year = "2009",
language = "English",
pages = "55--69",
journal = "Lecture Notes in Computer Science",
issn = "0302-9743",
publisher = "Physica-Verlag",
number = "5649",

}

Non-Discriminating Arguments and Their Uses. / Christiansen, Henning; Gallagher, John Patrick.

In: Lecture Notes in Computer Science, No. 5649, 2009, p. 55-69.

Research output: Contribution to journalConference articleResearchpeer-review

TY - GEN

T1 - Non-Discriminating Arguments and Their Uses

AU - Christiansen, Henning

AU - Gallagher, John Patrick

N1 - ISBN Print: 978-3-642-02845-8. Værtspublikationsredaktører: Patricia M. Hill David S. Warren Udgivelsesdato: July 2009

PY - 2009

Y1 - 2009

N2 - We present a technique for identifying predicate arguments that play no role in determining the control flow of a logic program with respect to goals satisfying given mode and sharing restrictions.  We call such arguments non-discriminating arguments. We show that such arguments can be detected by an automatic analysis. Following this, we define a transformation procedure, called discriminator slicing, that removes the non-discriminating arguments, resulting in a program whose computation trees are isomorphic to those of the original program.  Finally, we show how the results of the original program can be reconstructed from trace of the transformed program with the original arguments.   Thus the overall result is a two-stage execution of a program, which can be applied usefully in several contexts;  we describe a case study in optimising computations in the probabilistic logic program language PRISM, and discuss applications in tabling and partial evaluation.  We also discuss briefly other possible ways of exploiting the non-discriminating arguments.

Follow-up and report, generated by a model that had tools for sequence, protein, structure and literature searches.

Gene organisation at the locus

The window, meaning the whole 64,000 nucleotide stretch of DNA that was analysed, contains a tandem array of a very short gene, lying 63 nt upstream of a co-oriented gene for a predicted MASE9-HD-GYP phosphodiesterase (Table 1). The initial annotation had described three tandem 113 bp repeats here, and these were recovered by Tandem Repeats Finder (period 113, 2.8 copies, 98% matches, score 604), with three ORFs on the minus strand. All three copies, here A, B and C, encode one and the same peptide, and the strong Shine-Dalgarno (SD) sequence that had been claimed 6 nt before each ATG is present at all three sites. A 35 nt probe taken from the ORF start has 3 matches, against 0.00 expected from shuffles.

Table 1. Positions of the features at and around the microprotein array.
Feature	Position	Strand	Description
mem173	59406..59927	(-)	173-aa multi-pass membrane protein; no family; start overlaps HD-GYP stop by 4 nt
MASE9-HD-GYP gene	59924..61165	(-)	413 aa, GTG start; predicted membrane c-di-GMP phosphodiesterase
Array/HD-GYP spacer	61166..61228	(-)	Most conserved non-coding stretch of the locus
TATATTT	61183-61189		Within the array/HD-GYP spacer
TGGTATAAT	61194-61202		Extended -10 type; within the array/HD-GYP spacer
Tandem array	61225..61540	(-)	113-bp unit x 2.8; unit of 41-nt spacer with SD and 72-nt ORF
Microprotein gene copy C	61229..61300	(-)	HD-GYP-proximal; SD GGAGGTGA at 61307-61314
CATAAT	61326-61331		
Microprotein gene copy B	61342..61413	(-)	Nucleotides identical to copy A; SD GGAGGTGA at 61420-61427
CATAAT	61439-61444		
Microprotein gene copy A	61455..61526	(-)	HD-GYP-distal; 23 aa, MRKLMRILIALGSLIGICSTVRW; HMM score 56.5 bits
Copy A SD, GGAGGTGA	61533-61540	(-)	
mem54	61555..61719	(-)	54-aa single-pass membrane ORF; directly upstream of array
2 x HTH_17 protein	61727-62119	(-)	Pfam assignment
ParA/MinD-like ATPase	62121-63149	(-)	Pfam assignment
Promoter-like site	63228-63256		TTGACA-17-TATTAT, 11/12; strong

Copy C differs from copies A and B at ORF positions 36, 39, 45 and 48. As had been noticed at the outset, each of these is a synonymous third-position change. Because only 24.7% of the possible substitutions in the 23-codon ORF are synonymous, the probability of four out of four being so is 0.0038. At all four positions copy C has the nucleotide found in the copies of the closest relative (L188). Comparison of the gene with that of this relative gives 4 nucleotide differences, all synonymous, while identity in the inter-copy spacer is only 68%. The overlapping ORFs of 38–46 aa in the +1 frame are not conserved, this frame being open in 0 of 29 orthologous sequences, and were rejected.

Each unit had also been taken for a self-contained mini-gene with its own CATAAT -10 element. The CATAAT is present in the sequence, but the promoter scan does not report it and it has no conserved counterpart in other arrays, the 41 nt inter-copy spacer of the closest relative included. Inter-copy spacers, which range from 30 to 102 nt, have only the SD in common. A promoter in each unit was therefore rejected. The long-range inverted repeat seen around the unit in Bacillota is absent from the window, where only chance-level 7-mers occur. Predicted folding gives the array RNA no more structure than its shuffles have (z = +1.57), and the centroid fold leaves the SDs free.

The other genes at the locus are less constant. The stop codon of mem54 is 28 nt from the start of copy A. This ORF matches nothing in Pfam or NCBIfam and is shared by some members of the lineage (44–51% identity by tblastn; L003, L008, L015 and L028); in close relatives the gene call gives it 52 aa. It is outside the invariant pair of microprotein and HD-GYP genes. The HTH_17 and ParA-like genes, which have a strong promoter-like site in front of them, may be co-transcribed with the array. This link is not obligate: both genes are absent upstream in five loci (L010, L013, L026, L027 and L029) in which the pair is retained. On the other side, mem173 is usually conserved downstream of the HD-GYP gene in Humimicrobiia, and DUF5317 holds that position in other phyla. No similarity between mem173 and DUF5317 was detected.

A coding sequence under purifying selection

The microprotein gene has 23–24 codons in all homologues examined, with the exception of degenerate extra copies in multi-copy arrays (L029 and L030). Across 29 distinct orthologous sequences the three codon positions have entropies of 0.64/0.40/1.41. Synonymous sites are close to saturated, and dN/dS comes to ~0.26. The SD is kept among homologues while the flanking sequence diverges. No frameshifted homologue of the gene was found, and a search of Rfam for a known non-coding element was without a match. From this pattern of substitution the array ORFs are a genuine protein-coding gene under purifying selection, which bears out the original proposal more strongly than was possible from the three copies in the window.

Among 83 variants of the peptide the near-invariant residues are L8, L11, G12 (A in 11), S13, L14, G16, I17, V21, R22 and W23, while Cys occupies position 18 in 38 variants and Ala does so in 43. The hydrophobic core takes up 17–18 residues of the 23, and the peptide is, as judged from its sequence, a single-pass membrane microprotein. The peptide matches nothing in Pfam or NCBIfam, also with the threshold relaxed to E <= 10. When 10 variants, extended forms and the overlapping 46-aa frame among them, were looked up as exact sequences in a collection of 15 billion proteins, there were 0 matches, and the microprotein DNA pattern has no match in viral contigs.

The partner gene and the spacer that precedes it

AB - We present a technique for identifying predicate arguments that play no role in determining the control flow of a logic program with respect to goals satisfying given mode and sharing restrictions.  We call such arguments non-discriminating arguments. We show that such arguments can be detected by an automatic analysis. Following this, we define a transformation procedure, called discriminator slicing, that removes the non-discriminating arguments, resulting in a program whose computation trees are isomorphic to those of the original program.  Finally, we show how the results of the original program can be reconstructed from trace of the transformed program with the original arguments.   Thus the overall result is a two-stage execution of a program, which can be applied usefully in several contexts;  we describe a case study in optimising computations in the probabilistic logic program language PRISM, and discuss applications in tabling and partial evaluation.  We also discuss briefly other possible ways of exploiting the non-discriminating arguments.

KW - Logic programming

KW - Bioinformatics

KW - Program transformation

M3 - Conference article

SP - 55

EP - 69

JO - Lecture Notes in Computer Science

JF - Lecture Notes in Computer Science

SN - 0302-9743

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ER -